By Intan Tanjung, Stevie Emilia
The decline of most shark species in the world is largely blamed on the practice of shark finning for shark-fin soup — a popular delicacy that symbolizes wealth, power, prestige and honor dating back to the Ming Dynasty.
Sharks mature slowly and are known to have low-reproductive rates.
The practice of shark finning — in which sharks are killed by cutting their fins and throwing their dead bodies back to the bottom of the sea — and overfishing might put this species in danger of extinction.
Activists worldwide have spearheaded campaigns to discourage the killing of sharks.
Shark guardian, A UK charity based in Thailand, founded by directors Brendon Sing and his wife Liz, recently visited Bali schools to talk to students and more than 30 women at Bali Wise in Nusa Dua about the importance of sharks in maintaining long-term tourism benefits in Bali.
It is estimated that about 100 millions sharks are killed each year to serve the demand for shark fins, the main ingredient for the soup.
Indonesia is the number one shark fin exporting country. Overfishing and killing endangered sea creatures, such as hammerhead sharks, dolphins, manta rays and turtles, is common practice, as seen in many fish markets across the country.
The government issued a ministerial decree on shark protection status in May last year, which stipulates that whale sharks (Rhincodon typus), which can grow to more than 12 meters long and live up to 100 years old, have full protection status, meaning that killing it for any reason is strictly prohibited.
Other shark species, including the large tooth sawfish (Pristis microdon) and the thresher shark (Alopias vulpinus); also have protected status under other government regulations.
Regulations on shark protection fall under the government’s compliance with the Convention on International Trade in Endangered Species of Wild Fauna and Flora (CITES), a multilateral treaty created in a 1963 meeting of World Conservation Union (IUCN) members.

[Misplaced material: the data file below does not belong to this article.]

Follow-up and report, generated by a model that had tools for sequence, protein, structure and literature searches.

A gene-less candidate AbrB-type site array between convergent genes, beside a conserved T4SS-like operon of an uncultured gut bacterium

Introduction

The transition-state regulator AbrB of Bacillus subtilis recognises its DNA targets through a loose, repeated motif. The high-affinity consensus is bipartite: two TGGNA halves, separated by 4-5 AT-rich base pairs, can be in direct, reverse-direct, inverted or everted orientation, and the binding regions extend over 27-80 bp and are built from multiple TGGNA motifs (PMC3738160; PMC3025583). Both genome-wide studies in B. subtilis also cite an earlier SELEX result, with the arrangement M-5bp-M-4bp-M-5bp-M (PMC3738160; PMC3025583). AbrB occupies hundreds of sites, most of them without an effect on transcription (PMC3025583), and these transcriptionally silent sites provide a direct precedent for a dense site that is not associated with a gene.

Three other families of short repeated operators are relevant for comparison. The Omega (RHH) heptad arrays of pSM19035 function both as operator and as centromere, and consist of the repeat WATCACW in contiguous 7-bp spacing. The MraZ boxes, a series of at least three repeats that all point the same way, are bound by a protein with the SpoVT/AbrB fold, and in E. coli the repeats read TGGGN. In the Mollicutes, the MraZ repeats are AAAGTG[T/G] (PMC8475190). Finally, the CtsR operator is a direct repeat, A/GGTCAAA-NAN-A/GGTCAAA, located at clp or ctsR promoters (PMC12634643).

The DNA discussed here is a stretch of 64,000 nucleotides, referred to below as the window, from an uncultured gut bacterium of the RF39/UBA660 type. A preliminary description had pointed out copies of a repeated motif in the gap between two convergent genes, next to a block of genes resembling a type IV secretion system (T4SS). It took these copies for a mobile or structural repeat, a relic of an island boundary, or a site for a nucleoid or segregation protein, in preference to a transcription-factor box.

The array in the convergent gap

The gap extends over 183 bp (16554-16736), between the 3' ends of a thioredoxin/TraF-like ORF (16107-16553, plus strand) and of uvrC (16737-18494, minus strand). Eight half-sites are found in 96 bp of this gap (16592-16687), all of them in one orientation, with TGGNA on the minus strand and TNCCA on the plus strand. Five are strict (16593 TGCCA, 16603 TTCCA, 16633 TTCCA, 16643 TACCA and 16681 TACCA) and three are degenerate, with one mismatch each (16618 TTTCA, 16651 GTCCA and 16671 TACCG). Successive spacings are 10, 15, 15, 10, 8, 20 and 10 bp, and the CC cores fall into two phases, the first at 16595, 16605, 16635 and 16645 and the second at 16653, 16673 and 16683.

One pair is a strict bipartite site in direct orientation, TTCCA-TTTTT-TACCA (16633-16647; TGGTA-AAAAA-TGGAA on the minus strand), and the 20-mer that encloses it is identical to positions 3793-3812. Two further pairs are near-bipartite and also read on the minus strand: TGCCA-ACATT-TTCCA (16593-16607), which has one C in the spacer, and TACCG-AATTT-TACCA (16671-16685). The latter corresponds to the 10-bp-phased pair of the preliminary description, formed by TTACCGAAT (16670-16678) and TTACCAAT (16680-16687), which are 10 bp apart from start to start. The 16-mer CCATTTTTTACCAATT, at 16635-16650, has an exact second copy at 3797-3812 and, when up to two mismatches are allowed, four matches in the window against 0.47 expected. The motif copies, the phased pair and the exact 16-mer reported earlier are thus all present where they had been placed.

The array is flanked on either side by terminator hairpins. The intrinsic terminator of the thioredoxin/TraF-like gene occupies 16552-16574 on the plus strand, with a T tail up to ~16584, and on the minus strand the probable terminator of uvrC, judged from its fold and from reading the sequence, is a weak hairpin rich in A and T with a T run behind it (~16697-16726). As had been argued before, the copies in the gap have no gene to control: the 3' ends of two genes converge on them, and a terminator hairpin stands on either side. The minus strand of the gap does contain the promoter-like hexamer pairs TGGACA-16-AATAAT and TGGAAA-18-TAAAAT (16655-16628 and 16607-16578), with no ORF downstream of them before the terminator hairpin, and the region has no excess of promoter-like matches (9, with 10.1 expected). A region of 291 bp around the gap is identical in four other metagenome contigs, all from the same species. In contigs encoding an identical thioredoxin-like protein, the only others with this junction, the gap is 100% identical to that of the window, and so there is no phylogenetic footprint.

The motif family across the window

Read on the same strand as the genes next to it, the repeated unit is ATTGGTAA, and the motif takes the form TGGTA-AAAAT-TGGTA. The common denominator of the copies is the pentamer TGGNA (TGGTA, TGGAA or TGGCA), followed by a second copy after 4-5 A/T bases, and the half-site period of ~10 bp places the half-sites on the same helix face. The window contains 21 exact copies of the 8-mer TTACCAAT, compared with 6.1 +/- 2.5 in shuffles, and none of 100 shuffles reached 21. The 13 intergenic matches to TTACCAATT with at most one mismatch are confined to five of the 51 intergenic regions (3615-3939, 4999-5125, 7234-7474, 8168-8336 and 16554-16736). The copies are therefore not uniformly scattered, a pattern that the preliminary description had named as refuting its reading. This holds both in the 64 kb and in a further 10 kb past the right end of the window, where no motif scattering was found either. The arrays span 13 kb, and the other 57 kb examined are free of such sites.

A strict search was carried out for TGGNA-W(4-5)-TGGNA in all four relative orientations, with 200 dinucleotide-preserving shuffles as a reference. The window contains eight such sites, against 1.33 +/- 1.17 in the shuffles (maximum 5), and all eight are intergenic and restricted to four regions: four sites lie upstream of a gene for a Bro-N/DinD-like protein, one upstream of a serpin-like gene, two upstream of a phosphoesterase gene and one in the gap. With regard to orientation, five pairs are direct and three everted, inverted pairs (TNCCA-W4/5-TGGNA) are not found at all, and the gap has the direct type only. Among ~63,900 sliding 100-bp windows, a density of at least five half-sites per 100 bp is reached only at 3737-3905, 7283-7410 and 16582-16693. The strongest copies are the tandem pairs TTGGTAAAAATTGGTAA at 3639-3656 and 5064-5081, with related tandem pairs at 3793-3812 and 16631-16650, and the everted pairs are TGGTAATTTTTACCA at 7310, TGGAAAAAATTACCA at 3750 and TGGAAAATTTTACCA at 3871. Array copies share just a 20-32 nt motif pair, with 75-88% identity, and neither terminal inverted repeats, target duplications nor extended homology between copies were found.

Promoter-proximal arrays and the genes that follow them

Indonesia ratified the endangered species convention in 1973 and adopted it into a presidential decree, No. 43/1978, which allows Indonesia to issue and implement regulations on endangered species in line with that international treaty.
“Illegal fishing boats are coming in, depleting Indonesia’s resources, putting the country at losses,” said Paul Friese, founder of Bali Sharks.
In mid-2013, the Chinese government’s antigraft move in which money spent on banquets was reduced resulted in a 70 percent decline in shark-fin soup consumption.
Still, Friese said the ban had no bearing on the amount of sharks being killed for its fins in Indonesia. “[Fishermen] will catch and kill most anything they see as they assume it is worth some sort of value even if the fish are never consumed,” he said.
However, he did think that economically, fin inventory would back up in China and that pricing or value could drastically fall.
Killing sharks and removing them from the coral reef ecosystem would increase the number of larger predatory fish feeding on herbivores, scientists said.
Without the presence of those herbivore fish, the ecosystem will collapse and shift to one algae dominance, destroying corals and the reef system.
Steve Woods of the Gili Shark Foundation said healthy marine condition could also bring high economic value for tourism, especially dive tourism.
Every year, tourists specifically come to Bali and Gili to see important ocean species, such as sharks, manta rays and sunfish as well as dolphins.
“These animals are so important to the local economy, so important to the marine ecosystem, yet so important to the world. Indonesia is the last place where they got these sharks, we need to protect them now,” Woods said.